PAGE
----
Members of the public react in front of the Masjd Al Noor Mosque as they fear for their relatives on March 15 in Christchurch, New Zealand. 49 people have been confirmed dead and more than 20 are injured following attacks at two mosques in Christchurch. Four people are in custody following shootings at Al Noor mosque on Dean's Road and the Linwood Masjid in Christchurch.

Members of the public react in front of the Masjd Al Noor Mosque as they fear for their relatives on March 15 in Christchurch, New Zealand. 49 people have been confirmed dead and more than 20 are injured following attacks at two mosques in Christchurch. Four people are in custody following shootings at Al Noor mosque on Dean's Road and the Linwood Masjid in Christchurch.

Authorities in New Zealand charged a 28-year-old Australian with murder after at least 49 people were killed during Friday prayers at a mosque in Christchurch.

This story is developing. You can find the breaking updates that we’re following from NPR, The Guardian, and the BBC.

Prime Minister Jacinda Arden called the attack “well planned” and that it could “only be described as a terrorist attack.”

The Brexit legislative boondoggle also dominated the global news headlines this week.

On Thursday, news broke about the March 29th deadline for Brexit. Namely, that it wouldn’t be happening.

Members of Parliament also voted this week against the idea of leaving the European Union without a deal, and on March 12 they voted against a new withdrawal deal for the second time since January.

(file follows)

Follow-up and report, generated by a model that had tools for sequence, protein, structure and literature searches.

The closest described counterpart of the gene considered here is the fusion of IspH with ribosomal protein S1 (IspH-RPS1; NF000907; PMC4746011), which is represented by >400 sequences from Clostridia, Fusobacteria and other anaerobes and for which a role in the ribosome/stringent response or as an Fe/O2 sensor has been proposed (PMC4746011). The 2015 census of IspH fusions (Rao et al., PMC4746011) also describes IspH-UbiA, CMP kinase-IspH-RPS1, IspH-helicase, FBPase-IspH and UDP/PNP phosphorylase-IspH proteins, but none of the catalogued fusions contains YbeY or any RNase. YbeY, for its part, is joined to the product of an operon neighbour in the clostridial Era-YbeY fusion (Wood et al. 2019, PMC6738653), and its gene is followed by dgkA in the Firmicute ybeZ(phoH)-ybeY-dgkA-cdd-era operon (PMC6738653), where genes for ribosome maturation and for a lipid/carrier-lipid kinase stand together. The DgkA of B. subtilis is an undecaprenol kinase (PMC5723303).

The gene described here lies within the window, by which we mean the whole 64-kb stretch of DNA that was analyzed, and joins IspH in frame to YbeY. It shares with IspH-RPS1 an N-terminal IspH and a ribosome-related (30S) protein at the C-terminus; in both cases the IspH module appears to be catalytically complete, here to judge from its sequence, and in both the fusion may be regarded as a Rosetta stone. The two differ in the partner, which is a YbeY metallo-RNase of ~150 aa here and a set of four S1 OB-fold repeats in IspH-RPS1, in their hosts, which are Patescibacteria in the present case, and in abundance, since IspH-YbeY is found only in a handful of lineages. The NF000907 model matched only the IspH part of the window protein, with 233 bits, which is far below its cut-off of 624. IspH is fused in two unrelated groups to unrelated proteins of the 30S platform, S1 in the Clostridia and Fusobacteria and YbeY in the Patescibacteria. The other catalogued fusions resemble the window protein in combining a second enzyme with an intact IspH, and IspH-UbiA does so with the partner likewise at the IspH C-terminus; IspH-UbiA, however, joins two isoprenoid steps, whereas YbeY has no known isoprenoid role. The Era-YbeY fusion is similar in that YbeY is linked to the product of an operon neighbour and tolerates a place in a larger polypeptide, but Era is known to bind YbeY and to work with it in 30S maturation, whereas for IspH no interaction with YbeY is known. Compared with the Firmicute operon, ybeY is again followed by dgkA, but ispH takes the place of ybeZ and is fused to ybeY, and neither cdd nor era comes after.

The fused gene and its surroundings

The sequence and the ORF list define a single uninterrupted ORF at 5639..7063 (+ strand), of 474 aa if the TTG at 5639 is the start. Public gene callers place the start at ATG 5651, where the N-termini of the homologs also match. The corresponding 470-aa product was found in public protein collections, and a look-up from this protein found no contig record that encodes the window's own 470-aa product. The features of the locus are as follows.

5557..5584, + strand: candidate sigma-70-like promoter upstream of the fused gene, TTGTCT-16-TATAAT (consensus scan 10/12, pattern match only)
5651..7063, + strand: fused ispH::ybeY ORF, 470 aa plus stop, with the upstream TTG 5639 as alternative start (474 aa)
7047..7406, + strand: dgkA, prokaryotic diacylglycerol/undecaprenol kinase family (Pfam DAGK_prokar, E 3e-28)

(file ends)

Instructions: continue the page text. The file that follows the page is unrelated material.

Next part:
So what does this mean for Prime Minister Theresa May’s tenure?

Here’s some analysis from CNN:

After months of the Prime Minister refusing to open up the Brexit process to MPs, and forcing them to either back her deal or face a no deal, suddenly Brexit is wide open and everything is in a state of flux.

Ordinary lawmakers have seized control of Brexit from May.

BuzzFeed News described the conditions in London this week as a “national political situation best described as a rollercoaster of burning garbage that takes in purgatory and all nine circles of Dante’s Inferno on its way to its final destination of [s—t] creek, where they are fresh out of paddles.”

In Northern Ireland, one former British solider will be prosecuted in connection to the killing of unarmed civilians on Bloody Sunday. The massacre “became one of the main flash points in the Troubles, the 30-year struggle over the status of Northern Ireland that claimed at least 3,500 lives,” according to The New York Times. An official said the decision to only prosecute one soldier was due to a lack of admissible evidence.

Families affected by the massacre on Bloody Sunday said they were disappointed by the decision.

John Kelly’s brother Michael was killed that day. He spoke at a news conference after the charges were filed, and The Guardian reported what he said.

“I was going to say good morning, but I don’t think it is. There’s a terrible disappointment at the outcome … We have travelled a long journey since our brothers were brutally slaughtered on our streets … The full cost of Bloody Sunday cannot be measured just in those who died that day.” The shootings deepened and prolonged the conflict, he said.

Chinese authorities grounded the Boeing 737 Max plane, before the American Federal Aviation Administration did. This decision came after two deadly crashes in Ethiopia and Indonesia.

And students in 40 countries planned to protest government inaction on climate change this week. Reuters reported that this Friday’s demonstrations are expected to be the largest yet.

We’re wrapping up the week in global news.

Text by Gabrielle Healy.

Guests

  • Uri Friedman Staff writer, The Atlantic, covering global affairs; @UriLF
  • Emily Tamkin Freelance foreign affairs reporter; @emilyctamkin
  • Paul Danahar Washington bureau chief of the BBC; author of "The New Middle East: The World After the Arab Spring"; @pdanahar

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